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Wednesday 25 May 2016

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NSA spied on pornography use and ‘online promiscuity’ as part of plan to discredit those with radical views, according to leaked documents

Published 28/11/2013

Edward Snowden received asylum in Russia on August 1 (AP/The Guardian)
Edward Snowden received asylum in Russia on August 1 (AP/The Guardian)
A protester marches with a piece of tape covering his mouth during the Stop Watching Us Rally protesting surveillance by the National Security Agency (NSA), on October 26, 2013, in front of the U.S. Capitol building in Washington, D.C. Photo by Allison Shelley

The National Security Agency (NSA) spied on the pornography use and online sexual activity of radical Muslims in order to undermine their authority, according to leaked documents.

Agents collected information on so-called “vulnerabilities” which, if required, could be publicly exposed in a way that would limit the influence of prominent Islamists.

The surveillance agency targeted six “radicalisers” whose online activity might be used to make followers question their devotion to the jihadist cause.

The spying claims are made in the latest documents leaked by former NSA contractor Edward Snowden, published by the Huffington Post.

They identify the six men, all Muslims, as positive examples of cases where electronic surveillance can give security officers valuable information about people’s “personal vulnerabilities”. The names of the six have not been included in the details published online.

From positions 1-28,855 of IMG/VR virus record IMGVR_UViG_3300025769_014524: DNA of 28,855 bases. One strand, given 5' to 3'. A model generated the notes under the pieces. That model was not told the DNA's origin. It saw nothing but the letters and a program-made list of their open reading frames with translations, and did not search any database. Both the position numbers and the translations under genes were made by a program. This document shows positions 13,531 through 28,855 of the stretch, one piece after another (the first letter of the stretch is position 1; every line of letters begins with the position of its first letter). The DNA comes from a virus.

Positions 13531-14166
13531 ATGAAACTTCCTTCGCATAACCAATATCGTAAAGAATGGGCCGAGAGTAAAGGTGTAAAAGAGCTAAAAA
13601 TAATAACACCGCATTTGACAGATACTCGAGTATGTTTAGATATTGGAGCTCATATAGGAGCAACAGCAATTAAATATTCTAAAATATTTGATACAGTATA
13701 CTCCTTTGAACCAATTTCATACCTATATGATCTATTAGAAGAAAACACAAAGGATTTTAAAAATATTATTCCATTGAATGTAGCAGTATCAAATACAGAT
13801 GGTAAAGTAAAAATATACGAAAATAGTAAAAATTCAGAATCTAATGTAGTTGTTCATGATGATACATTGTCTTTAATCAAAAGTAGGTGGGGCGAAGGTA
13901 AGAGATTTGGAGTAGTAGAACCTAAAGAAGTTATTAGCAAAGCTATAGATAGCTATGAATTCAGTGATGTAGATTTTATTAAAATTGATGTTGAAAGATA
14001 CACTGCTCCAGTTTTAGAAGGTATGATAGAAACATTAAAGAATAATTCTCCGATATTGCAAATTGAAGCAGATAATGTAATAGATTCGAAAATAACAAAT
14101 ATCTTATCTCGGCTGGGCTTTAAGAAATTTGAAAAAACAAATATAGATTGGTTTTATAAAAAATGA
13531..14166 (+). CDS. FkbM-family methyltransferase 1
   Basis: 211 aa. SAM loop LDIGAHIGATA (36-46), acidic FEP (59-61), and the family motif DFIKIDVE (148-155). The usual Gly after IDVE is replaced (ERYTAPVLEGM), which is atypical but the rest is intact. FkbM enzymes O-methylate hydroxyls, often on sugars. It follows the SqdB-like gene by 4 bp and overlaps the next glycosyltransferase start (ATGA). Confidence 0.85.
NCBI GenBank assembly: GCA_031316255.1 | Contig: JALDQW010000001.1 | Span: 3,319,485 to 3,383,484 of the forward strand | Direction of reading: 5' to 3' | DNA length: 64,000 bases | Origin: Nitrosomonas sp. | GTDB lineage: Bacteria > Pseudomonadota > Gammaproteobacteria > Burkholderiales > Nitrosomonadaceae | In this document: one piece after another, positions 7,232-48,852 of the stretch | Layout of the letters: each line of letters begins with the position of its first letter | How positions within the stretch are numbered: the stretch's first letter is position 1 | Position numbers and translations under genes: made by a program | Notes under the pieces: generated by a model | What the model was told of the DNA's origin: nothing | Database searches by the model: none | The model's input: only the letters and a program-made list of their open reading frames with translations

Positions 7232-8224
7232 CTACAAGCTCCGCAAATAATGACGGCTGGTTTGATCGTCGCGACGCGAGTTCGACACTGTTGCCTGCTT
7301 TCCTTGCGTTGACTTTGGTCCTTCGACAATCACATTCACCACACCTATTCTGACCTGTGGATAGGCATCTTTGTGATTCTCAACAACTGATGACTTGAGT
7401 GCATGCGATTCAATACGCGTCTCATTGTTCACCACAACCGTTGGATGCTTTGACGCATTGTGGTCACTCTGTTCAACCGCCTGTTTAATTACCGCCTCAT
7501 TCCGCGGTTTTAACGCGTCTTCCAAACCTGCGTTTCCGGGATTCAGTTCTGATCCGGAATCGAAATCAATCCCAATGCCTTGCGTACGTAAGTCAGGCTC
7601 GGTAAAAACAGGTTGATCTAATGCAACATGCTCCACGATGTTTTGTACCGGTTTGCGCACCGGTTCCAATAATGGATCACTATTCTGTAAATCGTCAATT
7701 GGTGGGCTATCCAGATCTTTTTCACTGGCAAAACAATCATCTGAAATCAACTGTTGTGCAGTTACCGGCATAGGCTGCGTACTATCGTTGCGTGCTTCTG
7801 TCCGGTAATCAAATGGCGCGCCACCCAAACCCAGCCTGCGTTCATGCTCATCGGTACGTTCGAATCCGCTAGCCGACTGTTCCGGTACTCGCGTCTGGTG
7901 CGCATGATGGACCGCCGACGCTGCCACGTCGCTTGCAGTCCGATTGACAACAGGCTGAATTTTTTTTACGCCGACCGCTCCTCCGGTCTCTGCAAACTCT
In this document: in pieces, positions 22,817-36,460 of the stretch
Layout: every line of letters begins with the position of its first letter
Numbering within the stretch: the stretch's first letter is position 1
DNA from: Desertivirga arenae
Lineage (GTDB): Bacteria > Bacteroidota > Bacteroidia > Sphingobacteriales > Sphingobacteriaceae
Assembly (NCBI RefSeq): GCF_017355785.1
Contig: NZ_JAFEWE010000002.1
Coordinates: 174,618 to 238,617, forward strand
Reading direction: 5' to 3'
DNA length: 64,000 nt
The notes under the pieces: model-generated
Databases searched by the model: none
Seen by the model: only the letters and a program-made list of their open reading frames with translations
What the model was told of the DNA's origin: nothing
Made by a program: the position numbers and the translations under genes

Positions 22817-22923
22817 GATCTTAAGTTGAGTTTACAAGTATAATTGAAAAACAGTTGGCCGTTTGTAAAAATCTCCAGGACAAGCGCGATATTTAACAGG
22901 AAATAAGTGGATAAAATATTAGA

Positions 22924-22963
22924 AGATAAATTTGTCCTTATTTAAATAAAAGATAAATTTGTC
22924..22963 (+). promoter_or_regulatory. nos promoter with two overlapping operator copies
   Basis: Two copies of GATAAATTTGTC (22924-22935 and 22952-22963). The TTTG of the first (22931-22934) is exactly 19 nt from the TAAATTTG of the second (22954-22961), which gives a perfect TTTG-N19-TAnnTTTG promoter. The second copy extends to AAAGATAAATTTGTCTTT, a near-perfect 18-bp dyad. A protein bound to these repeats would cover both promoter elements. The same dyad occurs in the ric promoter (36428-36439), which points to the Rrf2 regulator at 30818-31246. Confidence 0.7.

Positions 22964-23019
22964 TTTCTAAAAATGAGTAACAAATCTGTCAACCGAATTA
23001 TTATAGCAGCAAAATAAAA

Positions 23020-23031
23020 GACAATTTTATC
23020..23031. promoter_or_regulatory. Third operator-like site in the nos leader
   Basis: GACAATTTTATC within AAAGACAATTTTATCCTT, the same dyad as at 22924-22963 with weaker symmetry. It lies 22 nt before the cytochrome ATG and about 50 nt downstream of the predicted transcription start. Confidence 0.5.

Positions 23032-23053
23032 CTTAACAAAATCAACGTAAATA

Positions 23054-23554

The documents list “viewing sexually explicit material online” and “using sexually explicit persuasive language when communicating with inexperienced young girls” as the sorts of activities which might undermine a radicaliser’s authority.

According to the Huffington Post, none of the six individuals was accused of being involved in any terrorist plots. They were not identified in any detail, other than the fact that one of the six is either a US citizen or permanent resident.

Jameel Jaffer, deputy legal director of the American Civil Liberties Union, told the website these revelations raise serious concerns about abuse.

“It's important to remember that the NSA’s surveillance activities are anything but narrowly focused — the agency is collecting massive amounts of sensitive information about virtually everyone,” he said.

“Wherever you are, the NSA's databases store information about your political views, your medical history, your intimate relationships and your activities online,” he added. “The NSA says this personal information won't be abused, but these documents show that the NSA probably defines 'abuse' very narrowly.”

The documents included details suggesting they were drawn up by the director of the NSA, and listed recipients include the US Department of Justice and the Department of Commerce.

Shawn Turner, a spokesman for the US director of national intelligence, told the Huffington Post it was not surprising the government “uses all of the lawful tools at our disposal to impede the efforts of valid terrorist targets who seek to harm the nation and radicalise others to violence”.

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